The chemical, AcetylCholine (ACh), had been known to increase the activity of individual neurons; it had not previously been shown that this activity enhancement leads to enhanced vision.
In the study, the researchers looked at the brain's nicotinic AcetylCholine receptors (nAChR), to which ACh binds to stimulate neural activity. Nicotinic receptors are named for the fact that they also bind nicotine, the addictive chemical in cigarettes.
ACh is a neurotransmitter, a chemical used to relay, amplify, and modulate signals between neurons and between neurons and other cells.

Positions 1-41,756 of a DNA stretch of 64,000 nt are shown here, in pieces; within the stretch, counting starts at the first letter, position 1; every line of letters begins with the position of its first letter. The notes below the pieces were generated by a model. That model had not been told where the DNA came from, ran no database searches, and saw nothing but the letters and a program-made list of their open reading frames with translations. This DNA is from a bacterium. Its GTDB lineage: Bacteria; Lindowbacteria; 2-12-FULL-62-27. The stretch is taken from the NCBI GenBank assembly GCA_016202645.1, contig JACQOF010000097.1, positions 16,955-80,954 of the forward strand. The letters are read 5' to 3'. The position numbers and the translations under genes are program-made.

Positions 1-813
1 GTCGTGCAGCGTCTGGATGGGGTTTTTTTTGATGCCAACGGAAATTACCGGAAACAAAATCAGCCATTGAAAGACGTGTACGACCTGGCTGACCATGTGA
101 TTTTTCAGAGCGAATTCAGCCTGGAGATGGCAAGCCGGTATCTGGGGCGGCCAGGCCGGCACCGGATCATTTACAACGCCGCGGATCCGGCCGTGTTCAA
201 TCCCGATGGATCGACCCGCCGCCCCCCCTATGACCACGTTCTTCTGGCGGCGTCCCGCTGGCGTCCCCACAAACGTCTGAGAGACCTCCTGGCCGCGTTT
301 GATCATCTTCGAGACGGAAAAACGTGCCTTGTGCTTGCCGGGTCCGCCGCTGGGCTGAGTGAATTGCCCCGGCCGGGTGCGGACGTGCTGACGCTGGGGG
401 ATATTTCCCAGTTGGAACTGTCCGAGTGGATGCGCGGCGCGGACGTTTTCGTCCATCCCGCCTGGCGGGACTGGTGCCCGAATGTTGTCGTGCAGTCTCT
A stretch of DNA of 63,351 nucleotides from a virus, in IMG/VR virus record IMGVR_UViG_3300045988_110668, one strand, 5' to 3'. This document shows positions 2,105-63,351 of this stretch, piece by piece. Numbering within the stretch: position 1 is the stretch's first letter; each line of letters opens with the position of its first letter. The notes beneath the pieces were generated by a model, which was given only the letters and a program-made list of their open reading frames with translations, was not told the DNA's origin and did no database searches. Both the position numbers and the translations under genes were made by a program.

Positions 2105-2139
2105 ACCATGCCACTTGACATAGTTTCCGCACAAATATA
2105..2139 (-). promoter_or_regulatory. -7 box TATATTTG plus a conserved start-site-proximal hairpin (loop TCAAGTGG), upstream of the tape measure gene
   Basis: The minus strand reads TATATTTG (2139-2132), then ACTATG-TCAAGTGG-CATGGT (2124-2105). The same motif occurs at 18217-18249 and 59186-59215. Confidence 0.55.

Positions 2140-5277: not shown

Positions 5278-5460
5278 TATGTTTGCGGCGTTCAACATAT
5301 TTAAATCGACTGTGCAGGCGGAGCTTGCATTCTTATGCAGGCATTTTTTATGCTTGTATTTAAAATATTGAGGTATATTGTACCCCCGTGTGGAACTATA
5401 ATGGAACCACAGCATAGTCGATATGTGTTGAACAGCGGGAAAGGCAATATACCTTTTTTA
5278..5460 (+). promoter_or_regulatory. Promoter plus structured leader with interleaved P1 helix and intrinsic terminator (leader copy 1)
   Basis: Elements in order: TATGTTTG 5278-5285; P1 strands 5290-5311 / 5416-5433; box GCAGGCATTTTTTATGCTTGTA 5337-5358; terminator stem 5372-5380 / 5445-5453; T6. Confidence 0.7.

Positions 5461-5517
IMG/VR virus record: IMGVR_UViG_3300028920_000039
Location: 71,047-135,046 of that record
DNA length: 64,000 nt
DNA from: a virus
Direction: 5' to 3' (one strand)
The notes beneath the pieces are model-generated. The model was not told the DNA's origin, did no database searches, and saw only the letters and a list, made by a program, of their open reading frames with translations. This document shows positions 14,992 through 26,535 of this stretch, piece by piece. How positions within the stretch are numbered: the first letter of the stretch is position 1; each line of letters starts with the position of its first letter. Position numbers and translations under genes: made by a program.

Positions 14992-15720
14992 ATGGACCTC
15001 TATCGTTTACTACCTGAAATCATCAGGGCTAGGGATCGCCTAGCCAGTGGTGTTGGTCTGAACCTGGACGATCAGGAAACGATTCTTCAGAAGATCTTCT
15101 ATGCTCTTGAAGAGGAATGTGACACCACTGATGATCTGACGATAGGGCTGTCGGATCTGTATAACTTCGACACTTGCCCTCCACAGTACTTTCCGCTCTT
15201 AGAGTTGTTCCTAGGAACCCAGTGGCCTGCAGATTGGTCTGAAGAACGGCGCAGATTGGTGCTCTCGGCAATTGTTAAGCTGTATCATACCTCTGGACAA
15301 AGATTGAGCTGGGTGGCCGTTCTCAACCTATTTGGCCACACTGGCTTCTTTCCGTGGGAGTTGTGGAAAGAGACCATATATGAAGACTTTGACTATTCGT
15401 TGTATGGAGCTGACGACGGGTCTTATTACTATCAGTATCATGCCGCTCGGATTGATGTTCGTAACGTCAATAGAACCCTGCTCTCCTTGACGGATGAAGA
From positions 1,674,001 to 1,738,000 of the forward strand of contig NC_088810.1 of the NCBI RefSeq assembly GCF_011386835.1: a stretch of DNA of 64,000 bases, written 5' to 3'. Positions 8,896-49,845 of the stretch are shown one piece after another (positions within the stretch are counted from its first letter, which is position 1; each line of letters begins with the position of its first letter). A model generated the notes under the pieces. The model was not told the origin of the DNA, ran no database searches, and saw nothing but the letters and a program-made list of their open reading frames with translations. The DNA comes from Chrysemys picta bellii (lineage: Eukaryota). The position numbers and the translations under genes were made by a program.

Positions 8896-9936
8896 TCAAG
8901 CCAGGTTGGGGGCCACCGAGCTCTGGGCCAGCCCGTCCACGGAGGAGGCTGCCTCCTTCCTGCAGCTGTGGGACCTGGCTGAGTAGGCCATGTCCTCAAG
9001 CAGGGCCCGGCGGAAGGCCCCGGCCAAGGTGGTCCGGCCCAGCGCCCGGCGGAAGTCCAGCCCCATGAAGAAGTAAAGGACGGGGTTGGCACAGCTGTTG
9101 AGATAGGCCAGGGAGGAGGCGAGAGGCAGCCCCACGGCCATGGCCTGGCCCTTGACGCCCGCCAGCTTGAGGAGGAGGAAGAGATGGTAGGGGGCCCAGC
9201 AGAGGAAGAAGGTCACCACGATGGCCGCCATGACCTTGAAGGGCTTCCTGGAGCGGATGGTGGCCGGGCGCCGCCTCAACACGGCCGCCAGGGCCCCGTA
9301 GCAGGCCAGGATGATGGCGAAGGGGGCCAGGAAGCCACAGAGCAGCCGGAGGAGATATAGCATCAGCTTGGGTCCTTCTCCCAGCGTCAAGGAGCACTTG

The analysis of the study found that information, which comes into the brain's visual cortex could be selectively enhanced by mimicking the effects of ACh with nicotine, resulting in the ability of neurons to detect, and to signal, stimuli that, without ACh's enhancement, were below detection threshold.
"That's what attention does--it strengthens the signal you're interested in and that strengthening helps you filter out other things," Disney said.
"Our findings show that acetylcholine has the ability to turn up the volume on visual activity, just like attention does," she added.